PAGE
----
Due to word count limitations, I will focus on affirming difference and supporting students to discuss ‘difficult’ or ‘controversial’ social issues, in this case, war.
Affirming difference focuses on ensuring that all members of the school community feel seen, valued and respected. This involves setting up one’s classroom to reflect the students in it and wider societal diversity (e.g. books, toys, posters), ensuring your curriculum and resources reflect your students’ lived realities and building strong and trusting relationships with families.
In the context of recently arriving students from Ukraine, it is important that teachers understand the political situation and know the relevant people, digital resources and agencies that will provide additional help. Where possible current students should be prepared for the arrival of new students. They can be encouraged to think about what new students might need help with and to make suggestions about how they can support them (e.g. being kind and helpful, buddy systems, welcoming signs and key words in Ukrainian).
When the students arrive, it is important to spend some additional time on subjects such as SPHE and/or Ethical Education, particularly on activities that nurture a sense of classroom belonging and affirm children’s identities. Where possible, teachers should create opportunities for students to work together in small groups as it encourages participation (as for many it is less intimidating) and helps students to connect as they collectively work towards shared goals.
Supporting students to discuss ‘difficult’ social issues in this context means helping them to make some sense of the war in Ukraine. This in the first instance requires the creation of as safe a space as possible for conversations. One dimension of creating a safe space may be to agree a charter on how children would like to be treated. Another is to discuss and model language for how they can disagree with one another in a respectful way (i.e. challenging ideas rather than individuals).
When discussing any conflict, it is important that the teacher is mindful of the backgrounds of the students in the classroom and of the language used. In discussing this particular conflict, there is potential for creating or perpetuating harmful stereotypes and prejudices. There may be Russian or Belarussian children in the class, school or wider community who may be stigmatised and become targets for exclusion or abuse. It is important to not refer to ‘Russia’s war’ or ‘Russia’s invasion’ but rather Vladimir Putin’s war. Emphasise that many Russians and Belarusians are against the war and are actively protesting against it. Additionally, some of those supporting the war have been manipulated by carefully orchestrated disinformation campaigns.
The general advice for teachers of younger children is that the teacher should not bring up the topic but instead respond to children’s cues and questions about it. Give them space to discuss and share what they are hearing, reading and seeing and how they are feeling about it. Allow them to ask questions and provide the relevant facts. It is important to speak honestly but of course age appropriately. Provide reassurance that they are safe and that many people are working on ending the war and restoring peace. It would be very useful for teachers to focus on picture books that explore related age appropriate concepts that children can relate to their own experiences. For example, circle or thinking time sessions which use picture books that support discussion of, how we treat other people (e.g. kindness, compassion, care), how we can live together in peace and dignity, the potential consequences of our actions, the factors that contribute to the development of conflict at an interpersonal (or local) level, the consequences of a lack of conscience and so on.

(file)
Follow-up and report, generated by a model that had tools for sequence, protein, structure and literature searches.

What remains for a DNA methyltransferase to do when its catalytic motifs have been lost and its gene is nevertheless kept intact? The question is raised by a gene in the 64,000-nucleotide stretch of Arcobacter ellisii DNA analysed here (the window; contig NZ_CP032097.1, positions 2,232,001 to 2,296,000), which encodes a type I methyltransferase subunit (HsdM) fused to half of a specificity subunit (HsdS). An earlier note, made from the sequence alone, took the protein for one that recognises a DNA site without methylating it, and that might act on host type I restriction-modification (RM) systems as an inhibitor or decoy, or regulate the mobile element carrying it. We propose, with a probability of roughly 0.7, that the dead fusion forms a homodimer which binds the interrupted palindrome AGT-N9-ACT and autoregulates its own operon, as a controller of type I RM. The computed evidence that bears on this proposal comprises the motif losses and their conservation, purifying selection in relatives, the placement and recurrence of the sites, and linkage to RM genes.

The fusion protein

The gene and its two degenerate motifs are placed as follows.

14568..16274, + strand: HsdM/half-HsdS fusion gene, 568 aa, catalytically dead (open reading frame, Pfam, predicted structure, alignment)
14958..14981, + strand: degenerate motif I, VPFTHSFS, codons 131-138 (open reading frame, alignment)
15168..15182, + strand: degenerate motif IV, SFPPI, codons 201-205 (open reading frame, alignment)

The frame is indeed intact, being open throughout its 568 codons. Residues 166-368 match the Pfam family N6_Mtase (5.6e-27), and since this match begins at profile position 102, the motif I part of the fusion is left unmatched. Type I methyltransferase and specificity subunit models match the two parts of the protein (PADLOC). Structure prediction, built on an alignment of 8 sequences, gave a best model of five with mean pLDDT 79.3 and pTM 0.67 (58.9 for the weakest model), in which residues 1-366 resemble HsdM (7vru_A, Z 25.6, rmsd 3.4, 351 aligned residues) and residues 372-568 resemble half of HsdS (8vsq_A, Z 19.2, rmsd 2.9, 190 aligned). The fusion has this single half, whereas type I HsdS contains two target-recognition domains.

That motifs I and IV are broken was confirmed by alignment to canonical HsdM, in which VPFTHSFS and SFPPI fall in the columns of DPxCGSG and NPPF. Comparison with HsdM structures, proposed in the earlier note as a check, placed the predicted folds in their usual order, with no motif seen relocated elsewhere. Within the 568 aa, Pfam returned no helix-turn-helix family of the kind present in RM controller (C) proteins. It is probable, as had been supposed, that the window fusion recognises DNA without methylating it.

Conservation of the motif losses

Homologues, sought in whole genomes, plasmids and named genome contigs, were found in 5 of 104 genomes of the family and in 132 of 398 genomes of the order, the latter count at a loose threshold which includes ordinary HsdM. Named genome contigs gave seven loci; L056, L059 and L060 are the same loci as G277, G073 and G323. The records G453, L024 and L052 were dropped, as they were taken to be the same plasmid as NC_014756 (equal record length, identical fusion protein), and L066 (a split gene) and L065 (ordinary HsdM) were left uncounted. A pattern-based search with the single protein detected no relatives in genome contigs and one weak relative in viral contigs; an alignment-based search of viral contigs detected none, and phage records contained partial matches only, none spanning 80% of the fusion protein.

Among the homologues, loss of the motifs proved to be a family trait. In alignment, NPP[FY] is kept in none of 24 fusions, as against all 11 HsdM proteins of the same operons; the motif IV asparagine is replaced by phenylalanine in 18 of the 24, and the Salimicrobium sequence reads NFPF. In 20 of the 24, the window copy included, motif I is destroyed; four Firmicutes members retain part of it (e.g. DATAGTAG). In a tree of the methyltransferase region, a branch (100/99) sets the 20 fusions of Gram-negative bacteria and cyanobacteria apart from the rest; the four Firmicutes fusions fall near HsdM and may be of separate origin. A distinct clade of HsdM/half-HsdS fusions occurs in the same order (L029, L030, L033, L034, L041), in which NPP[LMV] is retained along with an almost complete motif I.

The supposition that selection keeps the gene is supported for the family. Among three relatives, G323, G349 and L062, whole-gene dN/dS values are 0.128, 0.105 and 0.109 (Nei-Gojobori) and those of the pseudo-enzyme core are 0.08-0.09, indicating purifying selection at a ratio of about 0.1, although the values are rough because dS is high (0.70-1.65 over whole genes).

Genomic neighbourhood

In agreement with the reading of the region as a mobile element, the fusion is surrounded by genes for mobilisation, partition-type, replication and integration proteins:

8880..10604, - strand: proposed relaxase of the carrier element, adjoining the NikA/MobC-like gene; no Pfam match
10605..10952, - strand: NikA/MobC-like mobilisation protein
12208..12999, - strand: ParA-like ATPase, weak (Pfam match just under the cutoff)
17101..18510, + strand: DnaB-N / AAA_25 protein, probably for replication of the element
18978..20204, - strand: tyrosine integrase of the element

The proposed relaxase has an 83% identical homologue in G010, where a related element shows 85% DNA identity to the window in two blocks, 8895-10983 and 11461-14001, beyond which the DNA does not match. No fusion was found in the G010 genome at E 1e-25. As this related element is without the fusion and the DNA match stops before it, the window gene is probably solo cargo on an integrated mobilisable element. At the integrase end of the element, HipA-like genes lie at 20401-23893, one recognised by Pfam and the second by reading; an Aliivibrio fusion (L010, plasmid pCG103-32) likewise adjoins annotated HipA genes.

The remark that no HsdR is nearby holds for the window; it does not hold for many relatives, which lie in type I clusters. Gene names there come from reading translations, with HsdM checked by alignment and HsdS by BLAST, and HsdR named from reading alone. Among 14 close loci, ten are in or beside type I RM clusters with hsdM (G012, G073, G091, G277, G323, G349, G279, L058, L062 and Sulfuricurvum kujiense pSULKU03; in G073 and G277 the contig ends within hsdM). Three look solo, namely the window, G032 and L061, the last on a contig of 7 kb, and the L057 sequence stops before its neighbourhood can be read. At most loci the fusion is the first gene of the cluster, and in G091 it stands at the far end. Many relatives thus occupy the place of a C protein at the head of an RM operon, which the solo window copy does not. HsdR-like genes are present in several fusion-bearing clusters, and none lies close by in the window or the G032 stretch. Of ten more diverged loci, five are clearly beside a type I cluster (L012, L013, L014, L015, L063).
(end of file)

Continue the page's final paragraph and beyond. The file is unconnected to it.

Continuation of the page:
With older children, in addition to providing spaces for students to process and discuss the war it is important to discuss war propaganda and fake news, particularly coming from social media sites including Tik Tok and Instagram. Students should be steered towards more reputable websites and provided with opportunities to develop critical literacy skills. In any of these discussions, it is important for the teacher to watch out for cues which signal children’s distress. This is particularly important in classrooms where there are students who may have experienced armed conflict and/or have refugee backgrounds. Images or footage used to support discussion or provoke deep thinking and reflection should be carefully selected and should avoid overly graphic, upsetting or sensational content. There are a range of resources available for preparing lessons that explicitly look at the war through a range of lenses, e.g. historical, geographical (see below).
More broadly, it is immensely valuable to provide students of all ages with opportunities to channel what they are feeling into action, whether it is in the form of anti-war protests, blog or letter writing, creative and artistic responses, fundraising ideas and so on.
Taking action gives hope, even in situations which at times appear hopeless.
Recommended resources for teachers
Padlet of teaching resources about the invasion of Ukraine
Teaching resources to help students make sense of the war in Ukraine
Talking about war with children, lesson plans and resources & social and emotional support
Resources to help navigate students through the war in Ukraine
Teachers can offer a safe space for students to talk about the war in Ukraine and help the to take action
Talking to kids about the war in Ukraine
How to support your child during conflict and crisis situations
Tarc, A.P. (2019, April 15). Children educate teachers with their testimonies from war zones. The Conversation.